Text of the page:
The power of three
A supercharged engine drives Nissan’s new small car, writes Neil McDonald
ASOPHISTICATED supercharged three-cylinder engine is on Nissan Australia’s wish list for the new Micra.
The fourth-generation Micra, which goes on sale later this year, continues as Nissan’s local price leader.
Nissan Australia spokesman, Jeff Fisher, says specification details are still being finalised before the launch and he cannot confirm if Australia is even getting the 1.2-litre supercharged engine.
In Europe the Micra will be sold with diesel and petrol engines, including the supercharged three-cylinder.
Estimates suggest the supercharged engine will produce 70kW at 5600 revs and 140Nm from 3000-5000 revs. The regular three cylinder is expected to deliver 58kW/108Nm.
Significantly, the supercharged three delivers class-leading C0 emissions of only 95g/km and has been designed for Europe, where cars are taxed for their emissions.
The engine uses direct injection and the Miller cycle combustion process. Nissan says the three-cylinder’s performance equates to a 1.5-litre engine.
The supercharger only operates at higher speeds. Around town and at constant speeds it’s out to save fuel.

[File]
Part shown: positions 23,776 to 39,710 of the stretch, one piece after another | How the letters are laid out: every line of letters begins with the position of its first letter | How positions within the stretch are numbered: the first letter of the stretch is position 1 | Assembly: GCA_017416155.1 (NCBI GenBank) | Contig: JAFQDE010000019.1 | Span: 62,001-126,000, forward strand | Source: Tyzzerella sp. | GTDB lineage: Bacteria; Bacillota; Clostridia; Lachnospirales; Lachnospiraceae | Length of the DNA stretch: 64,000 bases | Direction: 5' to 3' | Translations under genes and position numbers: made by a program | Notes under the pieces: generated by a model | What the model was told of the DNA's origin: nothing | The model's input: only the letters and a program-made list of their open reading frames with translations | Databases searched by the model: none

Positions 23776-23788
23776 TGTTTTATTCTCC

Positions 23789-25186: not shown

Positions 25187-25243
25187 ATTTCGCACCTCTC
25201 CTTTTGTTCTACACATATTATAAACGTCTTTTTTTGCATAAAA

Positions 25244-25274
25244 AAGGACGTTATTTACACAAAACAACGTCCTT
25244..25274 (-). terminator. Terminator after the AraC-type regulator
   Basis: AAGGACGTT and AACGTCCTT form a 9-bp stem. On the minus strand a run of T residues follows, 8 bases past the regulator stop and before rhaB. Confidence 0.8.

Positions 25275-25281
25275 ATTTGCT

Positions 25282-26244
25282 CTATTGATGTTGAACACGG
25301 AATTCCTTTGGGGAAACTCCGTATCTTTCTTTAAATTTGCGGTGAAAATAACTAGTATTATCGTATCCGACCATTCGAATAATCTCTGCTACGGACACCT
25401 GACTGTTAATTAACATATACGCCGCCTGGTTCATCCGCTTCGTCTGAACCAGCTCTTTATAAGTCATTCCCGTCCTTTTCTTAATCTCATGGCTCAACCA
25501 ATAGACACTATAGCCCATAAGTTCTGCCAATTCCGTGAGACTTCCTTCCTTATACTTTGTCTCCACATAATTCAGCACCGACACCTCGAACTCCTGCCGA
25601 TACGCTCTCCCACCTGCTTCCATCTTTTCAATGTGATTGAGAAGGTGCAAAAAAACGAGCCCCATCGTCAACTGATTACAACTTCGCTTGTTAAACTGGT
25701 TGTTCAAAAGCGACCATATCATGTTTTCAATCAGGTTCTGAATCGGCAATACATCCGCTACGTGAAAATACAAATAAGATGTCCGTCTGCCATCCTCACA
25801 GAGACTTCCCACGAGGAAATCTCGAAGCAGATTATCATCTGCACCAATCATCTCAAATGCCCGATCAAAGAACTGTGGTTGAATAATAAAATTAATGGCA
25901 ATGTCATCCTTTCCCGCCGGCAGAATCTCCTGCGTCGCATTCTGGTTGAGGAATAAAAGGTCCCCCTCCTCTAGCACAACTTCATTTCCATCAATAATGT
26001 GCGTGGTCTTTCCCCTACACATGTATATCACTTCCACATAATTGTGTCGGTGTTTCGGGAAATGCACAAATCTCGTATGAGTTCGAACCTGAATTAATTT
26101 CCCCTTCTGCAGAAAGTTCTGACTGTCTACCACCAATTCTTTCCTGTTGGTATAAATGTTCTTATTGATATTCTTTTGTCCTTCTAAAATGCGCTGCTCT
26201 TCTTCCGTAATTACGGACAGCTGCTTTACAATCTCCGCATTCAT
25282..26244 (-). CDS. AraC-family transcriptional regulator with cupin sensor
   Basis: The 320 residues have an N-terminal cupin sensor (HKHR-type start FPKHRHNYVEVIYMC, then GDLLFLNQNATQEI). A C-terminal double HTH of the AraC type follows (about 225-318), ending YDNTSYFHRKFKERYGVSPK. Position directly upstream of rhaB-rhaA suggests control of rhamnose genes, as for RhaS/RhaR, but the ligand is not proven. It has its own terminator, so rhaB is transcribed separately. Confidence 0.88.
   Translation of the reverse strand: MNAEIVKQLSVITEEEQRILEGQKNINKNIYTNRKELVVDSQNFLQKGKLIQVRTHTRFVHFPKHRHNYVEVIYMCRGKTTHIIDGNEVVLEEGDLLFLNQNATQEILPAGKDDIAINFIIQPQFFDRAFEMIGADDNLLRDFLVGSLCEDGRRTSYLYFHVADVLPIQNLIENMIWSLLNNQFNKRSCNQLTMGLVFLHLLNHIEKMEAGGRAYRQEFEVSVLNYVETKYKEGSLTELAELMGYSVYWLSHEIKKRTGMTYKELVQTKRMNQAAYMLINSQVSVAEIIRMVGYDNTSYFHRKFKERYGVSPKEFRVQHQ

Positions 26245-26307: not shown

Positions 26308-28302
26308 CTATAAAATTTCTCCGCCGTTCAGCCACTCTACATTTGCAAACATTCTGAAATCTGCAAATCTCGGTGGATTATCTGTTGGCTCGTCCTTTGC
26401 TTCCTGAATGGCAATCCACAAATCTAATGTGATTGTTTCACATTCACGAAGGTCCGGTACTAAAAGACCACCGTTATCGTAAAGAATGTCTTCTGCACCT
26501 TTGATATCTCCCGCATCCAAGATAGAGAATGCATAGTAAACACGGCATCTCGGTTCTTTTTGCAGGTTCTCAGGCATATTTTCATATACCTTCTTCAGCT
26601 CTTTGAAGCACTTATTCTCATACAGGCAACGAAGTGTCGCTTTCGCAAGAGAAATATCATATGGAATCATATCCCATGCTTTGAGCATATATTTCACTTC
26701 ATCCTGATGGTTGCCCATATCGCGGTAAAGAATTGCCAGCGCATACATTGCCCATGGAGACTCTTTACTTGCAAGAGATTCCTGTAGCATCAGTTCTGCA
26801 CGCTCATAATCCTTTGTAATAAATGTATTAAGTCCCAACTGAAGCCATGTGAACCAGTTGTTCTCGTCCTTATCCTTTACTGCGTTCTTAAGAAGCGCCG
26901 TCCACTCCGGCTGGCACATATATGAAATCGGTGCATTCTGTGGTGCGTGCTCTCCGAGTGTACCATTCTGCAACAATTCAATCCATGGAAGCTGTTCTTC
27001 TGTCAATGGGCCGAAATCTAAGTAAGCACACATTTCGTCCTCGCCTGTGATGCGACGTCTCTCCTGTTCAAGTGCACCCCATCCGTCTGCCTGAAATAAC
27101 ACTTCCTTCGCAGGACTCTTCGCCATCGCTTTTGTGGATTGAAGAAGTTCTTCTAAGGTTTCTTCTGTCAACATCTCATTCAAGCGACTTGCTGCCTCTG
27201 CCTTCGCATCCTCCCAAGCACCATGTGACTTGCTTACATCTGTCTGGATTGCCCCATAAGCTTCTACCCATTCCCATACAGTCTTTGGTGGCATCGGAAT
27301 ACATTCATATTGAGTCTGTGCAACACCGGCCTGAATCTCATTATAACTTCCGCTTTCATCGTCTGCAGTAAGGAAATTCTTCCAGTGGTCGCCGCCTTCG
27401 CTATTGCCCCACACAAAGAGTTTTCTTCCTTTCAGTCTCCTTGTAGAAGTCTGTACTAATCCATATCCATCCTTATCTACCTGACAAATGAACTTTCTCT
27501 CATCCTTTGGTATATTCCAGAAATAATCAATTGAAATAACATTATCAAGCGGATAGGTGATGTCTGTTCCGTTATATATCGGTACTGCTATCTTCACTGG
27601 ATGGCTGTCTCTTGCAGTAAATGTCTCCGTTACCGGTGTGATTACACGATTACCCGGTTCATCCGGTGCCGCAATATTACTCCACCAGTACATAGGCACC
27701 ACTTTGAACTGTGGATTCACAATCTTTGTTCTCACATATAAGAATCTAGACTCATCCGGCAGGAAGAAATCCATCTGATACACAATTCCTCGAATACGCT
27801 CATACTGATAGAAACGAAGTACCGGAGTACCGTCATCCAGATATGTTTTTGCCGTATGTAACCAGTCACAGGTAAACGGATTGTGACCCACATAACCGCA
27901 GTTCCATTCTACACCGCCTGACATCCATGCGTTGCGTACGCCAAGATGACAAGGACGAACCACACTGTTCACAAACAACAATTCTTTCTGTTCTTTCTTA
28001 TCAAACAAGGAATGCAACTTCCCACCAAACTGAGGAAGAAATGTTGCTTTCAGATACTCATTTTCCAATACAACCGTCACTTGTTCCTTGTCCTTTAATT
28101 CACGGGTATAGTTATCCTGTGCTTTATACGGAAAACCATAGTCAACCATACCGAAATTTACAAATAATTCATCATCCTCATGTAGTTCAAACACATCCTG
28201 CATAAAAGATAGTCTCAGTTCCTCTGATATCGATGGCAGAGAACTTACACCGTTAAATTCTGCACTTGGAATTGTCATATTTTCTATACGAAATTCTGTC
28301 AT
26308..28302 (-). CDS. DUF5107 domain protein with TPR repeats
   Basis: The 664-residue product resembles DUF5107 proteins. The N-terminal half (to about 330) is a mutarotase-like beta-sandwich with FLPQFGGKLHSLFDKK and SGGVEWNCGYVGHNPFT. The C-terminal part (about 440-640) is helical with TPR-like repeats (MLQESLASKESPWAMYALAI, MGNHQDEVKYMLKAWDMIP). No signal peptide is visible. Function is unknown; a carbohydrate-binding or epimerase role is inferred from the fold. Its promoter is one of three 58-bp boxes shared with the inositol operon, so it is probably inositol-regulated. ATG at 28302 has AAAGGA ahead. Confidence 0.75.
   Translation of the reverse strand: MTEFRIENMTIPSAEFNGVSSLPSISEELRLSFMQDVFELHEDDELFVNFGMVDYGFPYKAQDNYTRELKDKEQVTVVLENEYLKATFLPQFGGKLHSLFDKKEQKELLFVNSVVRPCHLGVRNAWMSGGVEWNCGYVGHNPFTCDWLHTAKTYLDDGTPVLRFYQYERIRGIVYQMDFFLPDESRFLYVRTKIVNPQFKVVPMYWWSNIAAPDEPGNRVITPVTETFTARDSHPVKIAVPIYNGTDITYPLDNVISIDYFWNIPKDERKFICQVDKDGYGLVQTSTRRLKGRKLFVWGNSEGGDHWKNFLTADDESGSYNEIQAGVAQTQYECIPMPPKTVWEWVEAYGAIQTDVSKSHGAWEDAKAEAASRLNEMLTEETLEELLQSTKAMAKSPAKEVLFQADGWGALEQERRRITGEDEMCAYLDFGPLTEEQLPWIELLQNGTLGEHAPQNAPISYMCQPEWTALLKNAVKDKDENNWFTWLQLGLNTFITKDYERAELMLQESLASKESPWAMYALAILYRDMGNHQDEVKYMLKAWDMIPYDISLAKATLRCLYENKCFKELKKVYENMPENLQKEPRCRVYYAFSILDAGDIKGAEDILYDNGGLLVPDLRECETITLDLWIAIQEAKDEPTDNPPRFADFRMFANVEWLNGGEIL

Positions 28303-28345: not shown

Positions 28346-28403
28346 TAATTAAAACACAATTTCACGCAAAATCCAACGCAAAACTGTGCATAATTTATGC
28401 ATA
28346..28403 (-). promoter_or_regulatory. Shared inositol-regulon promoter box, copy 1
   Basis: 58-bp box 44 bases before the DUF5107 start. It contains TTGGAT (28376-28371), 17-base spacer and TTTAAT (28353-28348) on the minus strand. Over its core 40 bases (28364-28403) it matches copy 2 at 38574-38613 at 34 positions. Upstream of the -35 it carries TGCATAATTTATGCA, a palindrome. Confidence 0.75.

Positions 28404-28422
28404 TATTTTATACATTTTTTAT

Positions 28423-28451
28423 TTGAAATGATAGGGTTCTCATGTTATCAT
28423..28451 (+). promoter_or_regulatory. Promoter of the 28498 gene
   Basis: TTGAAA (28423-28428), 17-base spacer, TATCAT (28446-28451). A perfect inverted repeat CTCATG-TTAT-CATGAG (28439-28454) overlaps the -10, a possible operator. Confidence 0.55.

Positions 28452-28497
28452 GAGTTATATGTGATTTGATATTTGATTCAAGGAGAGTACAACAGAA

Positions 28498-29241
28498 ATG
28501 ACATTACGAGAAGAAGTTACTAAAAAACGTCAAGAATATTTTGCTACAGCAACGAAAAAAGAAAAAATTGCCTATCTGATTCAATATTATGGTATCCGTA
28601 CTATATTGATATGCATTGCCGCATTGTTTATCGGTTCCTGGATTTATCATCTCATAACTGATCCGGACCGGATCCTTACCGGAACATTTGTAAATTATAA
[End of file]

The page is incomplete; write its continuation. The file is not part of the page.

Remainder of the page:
The Micra has been a hit in Japan, where it has just gone on sale.
Already the company has taken 10,000 orders, 6000 more than it had expected in the car’s initial launch phase.
Japanese buyers not only get the supercharged three-cylinder but stopstart technology.
Nissan has cut production costs to lower the new hatch’s price.
It uses 18 per cent fewer components than the old car — the dash- board has 28 parts rather than the 50 in the current car.
OUR brief drive of a prototype Micra entailed just one lap of Nissan’s test track at Yokohama. But one thing is clear — the supercharged threecylinder is a sparkling and crisp performer. At idle the compact engine is quiet and has little evidence of the three-cylinder thrum that marks such cars as the Suzuki Alto and Smart’s Fortwo.
The Micra has particularly strong mid-range response from 40km/h upwards and the transmission is on a par with its rivals.
Our car is a prototype, but the Micra’s cabin has a light, airy feel with supportive seats. If Nissan Australia can build the argument, it should be part of the local line-up.
Small sensation: Nissan Australia hopes to have the supercharged Micra in its line-up.